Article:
MBO America began offering the BSR line of equipment about four years ago to meet the need for diecutting solutions that fit the short-run production environment associated with digital printing. The BSR 550 basic rotary diecutter offers fixed cut-sheet diecutting with pile feeder, rotary diecutter, inline waste removal and shingled stream delivery. The BSR 550 servo rotary diecutter is compatible with cut-sheet or web-fed production and works for those running a wide range of cut die products.
“All flatbed diecutters have to ‘nick’ the outer matrix in the sheet to remove scrap from the die,” Martin explained. “Both BSR 550 basic and servo produce ‘nickless’ product, giving the service provider a huge competitive advantage: It can strip the scrap from the product and take the scrap matrix away without nicks or a secondary operation, and the dies are capable of a layout accuracy that a flatbed cannot make.”
“Nearly all those (binders/finishers) who are interested in producing photo books already have the necessary equipment and capabilities on hand,” he continued. “However, printers who invest by upgrading their existing equipment to finishing systems built for the short-run digital environment have the potential for tremendous increases in production efficiency. Our experience has been that those who buy one BSR unit often come back to buy more.”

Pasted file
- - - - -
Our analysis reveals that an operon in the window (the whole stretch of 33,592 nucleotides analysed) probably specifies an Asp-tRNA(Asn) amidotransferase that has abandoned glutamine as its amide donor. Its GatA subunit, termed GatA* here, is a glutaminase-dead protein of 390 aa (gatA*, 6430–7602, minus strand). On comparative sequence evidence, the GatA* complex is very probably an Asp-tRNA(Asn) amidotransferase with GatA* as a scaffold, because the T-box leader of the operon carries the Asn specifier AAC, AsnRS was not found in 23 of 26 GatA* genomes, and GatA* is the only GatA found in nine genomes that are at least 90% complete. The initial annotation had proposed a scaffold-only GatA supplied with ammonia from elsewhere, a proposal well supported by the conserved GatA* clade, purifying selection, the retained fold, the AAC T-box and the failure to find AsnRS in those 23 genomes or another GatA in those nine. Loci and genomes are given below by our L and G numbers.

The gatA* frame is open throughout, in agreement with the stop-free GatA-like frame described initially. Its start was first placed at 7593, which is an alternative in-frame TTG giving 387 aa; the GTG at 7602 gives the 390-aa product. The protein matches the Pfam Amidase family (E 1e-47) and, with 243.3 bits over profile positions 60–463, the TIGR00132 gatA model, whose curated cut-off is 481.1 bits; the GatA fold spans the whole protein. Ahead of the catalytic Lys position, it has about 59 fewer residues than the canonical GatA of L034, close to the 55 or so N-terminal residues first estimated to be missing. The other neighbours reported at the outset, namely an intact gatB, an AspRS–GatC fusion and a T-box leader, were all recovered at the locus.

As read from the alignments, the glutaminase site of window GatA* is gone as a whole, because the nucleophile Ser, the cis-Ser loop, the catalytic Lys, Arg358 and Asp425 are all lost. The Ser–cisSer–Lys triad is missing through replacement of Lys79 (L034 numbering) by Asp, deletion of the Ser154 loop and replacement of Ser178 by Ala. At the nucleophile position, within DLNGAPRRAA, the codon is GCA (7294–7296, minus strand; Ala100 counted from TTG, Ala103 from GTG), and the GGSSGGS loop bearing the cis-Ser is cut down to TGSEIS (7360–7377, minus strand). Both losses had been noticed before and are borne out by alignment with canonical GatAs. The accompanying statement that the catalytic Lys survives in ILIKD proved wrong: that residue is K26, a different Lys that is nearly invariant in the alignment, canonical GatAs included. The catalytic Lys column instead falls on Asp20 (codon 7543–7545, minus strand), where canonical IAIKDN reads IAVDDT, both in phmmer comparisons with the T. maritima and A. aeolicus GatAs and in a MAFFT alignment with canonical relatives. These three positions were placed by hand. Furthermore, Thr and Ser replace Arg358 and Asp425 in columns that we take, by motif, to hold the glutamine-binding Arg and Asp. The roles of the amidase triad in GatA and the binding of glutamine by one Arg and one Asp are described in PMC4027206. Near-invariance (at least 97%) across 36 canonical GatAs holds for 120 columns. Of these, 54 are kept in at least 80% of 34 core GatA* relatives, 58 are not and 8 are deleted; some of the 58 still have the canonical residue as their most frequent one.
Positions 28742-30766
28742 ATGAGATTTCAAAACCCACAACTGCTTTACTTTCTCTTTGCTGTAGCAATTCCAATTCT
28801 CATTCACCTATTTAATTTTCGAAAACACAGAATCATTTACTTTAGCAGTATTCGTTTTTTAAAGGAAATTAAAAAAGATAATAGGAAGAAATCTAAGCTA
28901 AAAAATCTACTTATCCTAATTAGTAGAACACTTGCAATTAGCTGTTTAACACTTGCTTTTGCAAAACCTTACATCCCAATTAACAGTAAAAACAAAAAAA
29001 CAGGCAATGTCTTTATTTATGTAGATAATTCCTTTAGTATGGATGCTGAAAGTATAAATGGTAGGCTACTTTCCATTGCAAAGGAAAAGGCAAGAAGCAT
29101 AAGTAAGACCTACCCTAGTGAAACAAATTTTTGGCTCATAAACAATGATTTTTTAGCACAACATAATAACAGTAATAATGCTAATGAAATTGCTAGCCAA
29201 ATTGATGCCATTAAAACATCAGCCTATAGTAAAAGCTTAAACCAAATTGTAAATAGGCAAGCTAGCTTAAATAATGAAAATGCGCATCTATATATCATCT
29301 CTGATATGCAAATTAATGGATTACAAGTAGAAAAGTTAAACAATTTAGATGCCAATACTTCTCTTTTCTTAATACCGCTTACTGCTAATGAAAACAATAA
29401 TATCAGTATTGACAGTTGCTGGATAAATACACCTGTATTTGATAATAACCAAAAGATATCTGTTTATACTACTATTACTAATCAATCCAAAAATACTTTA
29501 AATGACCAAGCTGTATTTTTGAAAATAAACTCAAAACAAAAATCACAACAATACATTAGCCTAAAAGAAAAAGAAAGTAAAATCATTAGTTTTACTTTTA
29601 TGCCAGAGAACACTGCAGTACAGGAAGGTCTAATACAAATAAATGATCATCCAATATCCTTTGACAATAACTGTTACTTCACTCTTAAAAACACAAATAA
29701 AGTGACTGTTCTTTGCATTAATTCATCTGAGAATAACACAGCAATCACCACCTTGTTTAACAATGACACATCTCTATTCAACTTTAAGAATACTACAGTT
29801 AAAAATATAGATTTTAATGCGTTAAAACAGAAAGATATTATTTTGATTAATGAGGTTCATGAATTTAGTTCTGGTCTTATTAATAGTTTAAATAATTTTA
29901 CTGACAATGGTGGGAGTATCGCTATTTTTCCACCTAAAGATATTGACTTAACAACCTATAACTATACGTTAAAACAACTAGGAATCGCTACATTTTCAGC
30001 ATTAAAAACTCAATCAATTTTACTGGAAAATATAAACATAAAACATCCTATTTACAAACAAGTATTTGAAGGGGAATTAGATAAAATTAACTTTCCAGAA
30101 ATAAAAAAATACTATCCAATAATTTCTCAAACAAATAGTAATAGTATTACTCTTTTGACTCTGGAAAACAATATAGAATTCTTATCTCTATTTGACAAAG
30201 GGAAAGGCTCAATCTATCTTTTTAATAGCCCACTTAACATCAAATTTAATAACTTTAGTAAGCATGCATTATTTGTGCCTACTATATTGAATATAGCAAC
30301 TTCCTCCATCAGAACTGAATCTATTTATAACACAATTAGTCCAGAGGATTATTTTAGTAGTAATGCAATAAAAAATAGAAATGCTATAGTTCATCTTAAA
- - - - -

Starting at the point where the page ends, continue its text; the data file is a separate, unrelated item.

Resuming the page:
Spiral Binding – a manufacturer and distributor of binding, laminating, paper handling, photo finishing and custom imprinting equipment and supplies – offers the patented Pinchbook™ line of photo book products. The design of the spring-clamp cover does not require tools or equipment.
“It’s perfect for the short-run digital photo market,” said Sara Kaufer, a Spiral marketing associate. “Because PinchbookTM takes only moments to make, little staff training is needed. For private branding, Spiral offers custom printing or debossing, which can be done in small- or larger-volume production runs. With more outlets for digital printing becoming available, the market for PinchbookTM has increased consistently year after year.”